Bittern Sighted at Otama Wetland

A large female Australasian Bittern (Matuku Hurepo) has been spotted nesting this summer at Otama Wetlands. This is exciting because Bitterns are rarely seen and their conservation status is nationally critical.

Bitterns are large birds with light and brown streaks in their plumage which helps them blend into the raupo wetland grasses and reeds. If approached they exhibit secretive behaviour and are known for their distinctive “freeze pose” straightening themselves up and pointing their beaks into the sky which lines up with the raupo and makes them difficult to spot. When it is windy, they may sway to make themselves blend in more with their environment or flatten themselves on the ground to disappear from view.

The male bitterns have a distinctive booming call during the mating season and these booming sounds can be heard at Otama Wetland during the breeding season. The female birds build their nests from reeds hidden among the wetland vegetation 20-30 cm above the water and lay 3-5 eggs which they incubate for 25 days and raise alone. Bitterns feed on eels, small fish and frogs in the wetland. The ability to see and stab their prey is important for foraging and survival. New Zealand’s Bittern populations have declined by 90% since the 1980s due to the destruction of wetland habitats to create farmland and towns, predators, and poor water quality reducing their food supply.

It is wonderful to experience the Bitterns surviving in our wetland which is also home to other endangered bird species including Fern bird, Pateke, Banded Rail and Skaup. Our ongoing predator control program is helping these species survive.

Torea-pango (Oyster Catcher) Chick Killed by Dog on Otama Beach

Sadly, our Torea-pango (Oyster Catcher) chick – the first surviving one in 5 years was killed by a dog on Sunday the 2nd of February. This is very disappointing as the ORG and DOC put a lot of time and effort to protect the area’s native bird’s  fledglings from predators in the sand dune, lagoon area and wetland. An extensive trap line is set up and monitored regularly along the sand dune and reserves including the wetland, and DOC has a designated ranger Lisa Kearney who monitors the birdlife on the beaches in the area.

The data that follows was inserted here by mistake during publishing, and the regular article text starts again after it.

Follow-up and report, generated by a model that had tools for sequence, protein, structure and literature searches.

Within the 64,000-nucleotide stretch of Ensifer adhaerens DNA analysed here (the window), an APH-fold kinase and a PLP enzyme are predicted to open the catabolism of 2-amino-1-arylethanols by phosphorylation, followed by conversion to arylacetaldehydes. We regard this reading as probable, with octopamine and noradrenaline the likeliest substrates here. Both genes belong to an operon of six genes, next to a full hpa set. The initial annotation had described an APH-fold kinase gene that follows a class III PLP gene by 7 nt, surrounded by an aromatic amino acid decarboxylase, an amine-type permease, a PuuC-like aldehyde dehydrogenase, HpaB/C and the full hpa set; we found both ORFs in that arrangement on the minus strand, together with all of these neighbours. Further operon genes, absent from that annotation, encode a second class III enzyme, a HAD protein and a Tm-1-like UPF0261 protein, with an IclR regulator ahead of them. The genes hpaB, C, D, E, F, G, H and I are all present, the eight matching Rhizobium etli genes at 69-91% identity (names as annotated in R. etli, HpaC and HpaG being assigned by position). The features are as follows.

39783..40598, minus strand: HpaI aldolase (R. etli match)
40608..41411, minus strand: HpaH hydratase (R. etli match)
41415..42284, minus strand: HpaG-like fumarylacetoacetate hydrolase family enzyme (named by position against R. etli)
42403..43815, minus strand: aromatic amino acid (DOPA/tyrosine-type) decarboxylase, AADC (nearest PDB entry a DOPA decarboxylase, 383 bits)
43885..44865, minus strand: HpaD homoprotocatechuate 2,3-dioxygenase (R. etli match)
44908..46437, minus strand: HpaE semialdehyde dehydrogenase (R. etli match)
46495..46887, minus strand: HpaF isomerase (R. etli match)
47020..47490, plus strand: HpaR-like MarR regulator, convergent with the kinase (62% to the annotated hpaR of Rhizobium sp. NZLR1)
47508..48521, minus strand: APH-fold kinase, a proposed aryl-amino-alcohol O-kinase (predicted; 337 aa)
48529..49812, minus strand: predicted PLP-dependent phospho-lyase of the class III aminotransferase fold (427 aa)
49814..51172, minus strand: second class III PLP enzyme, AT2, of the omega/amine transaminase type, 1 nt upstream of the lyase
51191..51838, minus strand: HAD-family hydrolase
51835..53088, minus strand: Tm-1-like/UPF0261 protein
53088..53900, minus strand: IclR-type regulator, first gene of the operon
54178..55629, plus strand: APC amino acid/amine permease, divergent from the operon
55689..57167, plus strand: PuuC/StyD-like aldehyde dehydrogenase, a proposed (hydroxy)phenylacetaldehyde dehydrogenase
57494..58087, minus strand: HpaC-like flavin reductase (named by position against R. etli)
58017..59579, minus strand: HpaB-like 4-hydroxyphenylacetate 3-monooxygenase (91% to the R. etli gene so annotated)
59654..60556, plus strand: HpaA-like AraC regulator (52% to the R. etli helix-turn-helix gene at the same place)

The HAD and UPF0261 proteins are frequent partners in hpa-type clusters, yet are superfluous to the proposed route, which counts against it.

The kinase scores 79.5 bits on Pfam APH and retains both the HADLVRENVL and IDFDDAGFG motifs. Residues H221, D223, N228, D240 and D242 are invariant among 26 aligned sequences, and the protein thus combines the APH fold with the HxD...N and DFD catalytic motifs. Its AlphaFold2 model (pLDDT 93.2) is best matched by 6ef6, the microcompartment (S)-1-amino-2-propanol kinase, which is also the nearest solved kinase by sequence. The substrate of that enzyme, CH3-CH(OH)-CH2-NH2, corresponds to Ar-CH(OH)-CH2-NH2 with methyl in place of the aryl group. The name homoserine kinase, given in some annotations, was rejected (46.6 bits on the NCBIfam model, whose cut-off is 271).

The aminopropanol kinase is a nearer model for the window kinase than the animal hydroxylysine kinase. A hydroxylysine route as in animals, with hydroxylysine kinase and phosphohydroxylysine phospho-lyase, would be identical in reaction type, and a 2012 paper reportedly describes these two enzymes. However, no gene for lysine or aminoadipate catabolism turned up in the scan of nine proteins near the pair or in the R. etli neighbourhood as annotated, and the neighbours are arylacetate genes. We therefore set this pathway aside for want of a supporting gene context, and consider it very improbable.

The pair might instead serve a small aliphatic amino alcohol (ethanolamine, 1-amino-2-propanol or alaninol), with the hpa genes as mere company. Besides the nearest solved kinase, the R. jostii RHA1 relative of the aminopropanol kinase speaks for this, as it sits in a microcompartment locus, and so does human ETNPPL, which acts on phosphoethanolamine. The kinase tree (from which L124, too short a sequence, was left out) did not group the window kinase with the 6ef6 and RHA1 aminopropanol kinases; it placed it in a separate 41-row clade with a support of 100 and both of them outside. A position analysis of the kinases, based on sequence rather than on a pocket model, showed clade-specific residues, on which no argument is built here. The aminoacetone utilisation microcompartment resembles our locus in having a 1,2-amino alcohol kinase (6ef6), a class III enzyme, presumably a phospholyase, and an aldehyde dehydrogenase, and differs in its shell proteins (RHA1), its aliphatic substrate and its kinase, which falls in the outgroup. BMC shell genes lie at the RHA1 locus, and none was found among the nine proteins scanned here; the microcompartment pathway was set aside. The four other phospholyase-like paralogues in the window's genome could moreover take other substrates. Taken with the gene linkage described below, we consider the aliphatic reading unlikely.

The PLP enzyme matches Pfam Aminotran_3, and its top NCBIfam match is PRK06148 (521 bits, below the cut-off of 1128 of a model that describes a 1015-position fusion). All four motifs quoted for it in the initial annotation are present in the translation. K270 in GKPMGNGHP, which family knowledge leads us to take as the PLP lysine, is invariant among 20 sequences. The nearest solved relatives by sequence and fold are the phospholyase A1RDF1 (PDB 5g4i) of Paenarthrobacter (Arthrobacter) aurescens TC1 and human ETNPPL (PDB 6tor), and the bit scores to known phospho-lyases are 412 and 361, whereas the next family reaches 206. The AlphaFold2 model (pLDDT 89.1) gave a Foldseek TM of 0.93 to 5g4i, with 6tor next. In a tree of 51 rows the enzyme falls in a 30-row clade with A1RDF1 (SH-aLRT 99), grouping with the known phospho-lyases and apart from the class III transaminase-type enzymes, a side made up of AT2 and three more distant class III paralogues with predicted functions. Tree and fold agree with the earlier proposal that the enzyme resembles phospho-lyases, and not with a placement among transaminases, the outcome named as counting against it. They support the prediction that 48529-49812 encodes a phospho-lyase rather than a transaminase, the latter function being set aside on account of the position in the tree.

The dog involved is known to the authorities and DOC sent the dead fledgling for DNA testing. We are hoping that the owners will be prosecuted to send out a message to dog owners that they must keep their dogs under control at all times on the beach.

Changes to the TCDC Dog By-Laws have seen a significant increase in dogs at the eastern end of Otama Beach chasing and endangering bird life in the lagoon / sand dune area despite DOC signage. The ORG is bringing this matter to the attention of DOC and TCDC.

Traps Stolen from Otama Trap Line

The ORG is extremely disappointed to see that 5 of our traps
have been stolen from our predator trap line near the lagoon entrance.
A lot of effort by community members has gone into setting up an extensive trap line to reduce the predators of the native bird species living in the lagoon, wetland and sand dune reserves and we are beginning to see an increase in bird activity in the area.
This initiative has resulted in the trapping of 348 predators to date since its inception in 2018.

The ORG had to apply for funding from DOC to purchase these traps and it is very disheartening to have them stolen. We are considering asking DOC to limit access to that area of the reserve to stop freedom campers staying overnight illegally.

New Fence is Up At Otama Wetland Boundary!

We are very pleased to announce that after lease renewal negotiation with DOC and the local farmer a new boundary fence has been erected at the wetland boundary.

This is a very important step forward for our wetland restoration as it will keep stock out of the wetland. This will prevent further damage to estuarine vegetation from trampling and grazing and improve water quality by eliminating pollution with faecal matter. It will also reduce the effect of pugging which creates habitat for mosquitos which is in line with the mosquito eradication programme on the Coromandel Peninsula.

Restoring riparian vegetation is one of our organisation’s goals which will enhance the health and ecological value of the wetland. This will benefit the wetland bird life including the endangered bittern, fernbird, banded rail , Pateke ,white-faced heron, kingfisher, pukeko, three species of shag, paradise duck, mallard duck ,skaup and shore skink. 

Wetlands improve water quality, with vegetation acting as filters which is important as wetlands are the breeding ground of many native species of birds and fish, eel and inanga whitebait species. Some of our endangered plant species rely totally on wetlands, and a healthy wetland helps stabilise riverbanks and shore lines.The overall health of the wetland benefits all of us who enjoy using the beach and sand dune areas.

The ORG is planning a community replanting programme on the wetland boundary with the assistance of Jim Dahm and Meg Graeme wetland ecologists. The contribution of the new wetland fencing is greatly appreciated by the ORG as it represents a huge step forward in our conservation efforts.

Many thanks to Murray Eden for his contribution.